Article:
Keep the health insurance you love. But first, some questions

The healthcare debate is entering its 25th year, and one thing that confounds me is the politician who’ll stand up on stage and promise that you’ll be able to keep the healthcare you love, or that you’ll still have freedom of choice in healthcare. I imagine this is the same sort of politician who would likely struggle at a gas pump or, if presented with the necessary ingredients for a sandwich, would take 30 minutes to complete the job. But what confounds me most is the number of people out here in the real world, who deal with actual health plans on a regular basis, who applaud the idea of keeping the insurance you love.

So some questions.

  • Do you have health insurance?
  • Did you choose your health insurance provider?
  • Did your employer choose your health insurance provider, giving you no say in the matter?
  • What would happen if you chose to opt out of your employer-provided healthcare plan?
  • Did your employer offer you a range of plans? Is the top one fairly decent and, while not perfect, will cover most things with what passes for minimal hassle when dealing with health care? Does that one cost an arm and a leg? Is the bottom one a low-cost, high-deductible plan that won’t break the bank but is really only suitable for a single person who goes to the doctor once every two years?
  • Has your employer dropped the ability to choose your plan and now only offers the low-cost, high deductible option?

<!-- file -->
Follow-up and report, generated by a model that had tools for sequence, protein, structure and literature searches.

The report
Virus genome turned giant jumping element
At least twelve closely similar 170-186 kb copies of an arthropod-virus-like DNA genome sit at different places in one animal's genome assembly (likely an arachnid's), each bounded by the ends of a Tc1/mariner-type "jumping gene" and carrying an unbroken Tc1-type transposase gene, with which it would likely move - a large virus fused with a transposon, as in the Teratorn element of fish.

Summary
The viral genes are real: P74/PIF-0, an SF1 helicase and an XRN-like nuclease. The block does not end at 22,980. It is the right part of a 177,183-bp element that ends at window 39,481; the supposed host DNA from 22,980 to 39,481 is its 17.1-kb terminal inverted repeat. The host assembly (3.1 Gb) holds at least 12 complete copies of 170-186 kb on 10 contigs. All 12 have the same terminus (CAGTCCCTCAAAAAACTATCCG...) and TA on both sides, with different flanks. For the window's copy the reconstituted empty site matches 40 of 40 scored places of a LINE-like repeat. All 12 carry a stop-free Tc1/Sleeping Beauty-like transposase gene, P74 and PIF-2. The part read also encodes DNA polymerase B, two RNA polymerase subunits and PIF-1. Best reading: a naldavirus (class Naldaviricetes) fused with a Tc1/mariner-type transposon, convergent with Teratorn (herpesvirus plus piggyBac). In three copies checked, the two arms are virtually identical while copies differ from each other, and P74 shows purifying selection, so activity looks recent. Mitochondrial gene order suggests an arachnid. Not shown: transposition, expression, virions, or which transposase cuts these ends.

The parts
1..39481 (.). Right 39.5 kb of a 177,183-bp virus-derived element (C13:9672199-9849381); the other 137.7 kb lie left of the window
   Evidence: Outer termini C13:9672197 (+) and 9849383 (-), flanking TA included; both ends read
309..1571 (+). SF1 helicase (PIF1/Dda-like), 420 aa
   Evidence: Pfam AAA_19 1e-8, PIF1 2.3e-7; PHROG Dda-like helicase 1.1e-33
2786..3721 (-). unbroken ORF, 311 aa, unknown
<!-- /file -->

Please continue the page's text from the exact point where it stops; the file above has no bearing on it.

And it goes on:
• Could you buy a used car for the price of that deductible?
  • Does adding a family member exponentially increase the cost of that plan and the deductible?

A few more questions

  • Does your employer actually pay for your healthcare?
  • If so, do you work for the government or some other tax-payer funded entity?
  • Or do you have to contribute money every pay period to pay for your “employer-provided” health insurance?
  • Has the amount you’re required to pay crept up steadily every year?
  • Do you consider a set amount of money taken out of your check every pay period a tax?
  • How much is your own private healthcare “tax” every month?
  • Do you have to pay for a separate vision plan?
  • Do you have to pay for a separate dental plan?
  • Are you ever suspicious that maybe your employer isn’t paying a whole hell of a lot?

Some final questions to wrap things up

  • Is your insurance plan accepted by all the doctors and medical service providers in your area?
  • Does your insurance company make sure costs are reasonable and the pricing transparent and easy to understand?
  • Does it make getting health services simple and efficient?
  • Can you just walk into a doctor’s office, or do you have to wait until an appointment opens up?
  • What are the copays like?
  • Does your plan cover prescription medication?
  • After meeting the deductible, is it smooth sailing from then on out?
  • When it comes time to pay a medical bill, does the insurance company make it easy to understand what you’re paying for and why?
  • How many phone calls on average does it take to settle a standard medical bill?
  • How many phone calls, emails, and faxes(!) does it take to settle a dispute with a health service provide?
  • Do you sometimes ignore the first three bills sent from a doctor’s office, hoping the insurance company will communicate that it paid its share and then you can figure it out?
  • Have you ever cried while trying to figure this all out?
  • Have you ever put off medical visits because the thought of dealing with your health insurance company just made you want to crawl under the bed and die?

One last question before you go

  • Do you love your health insurance?

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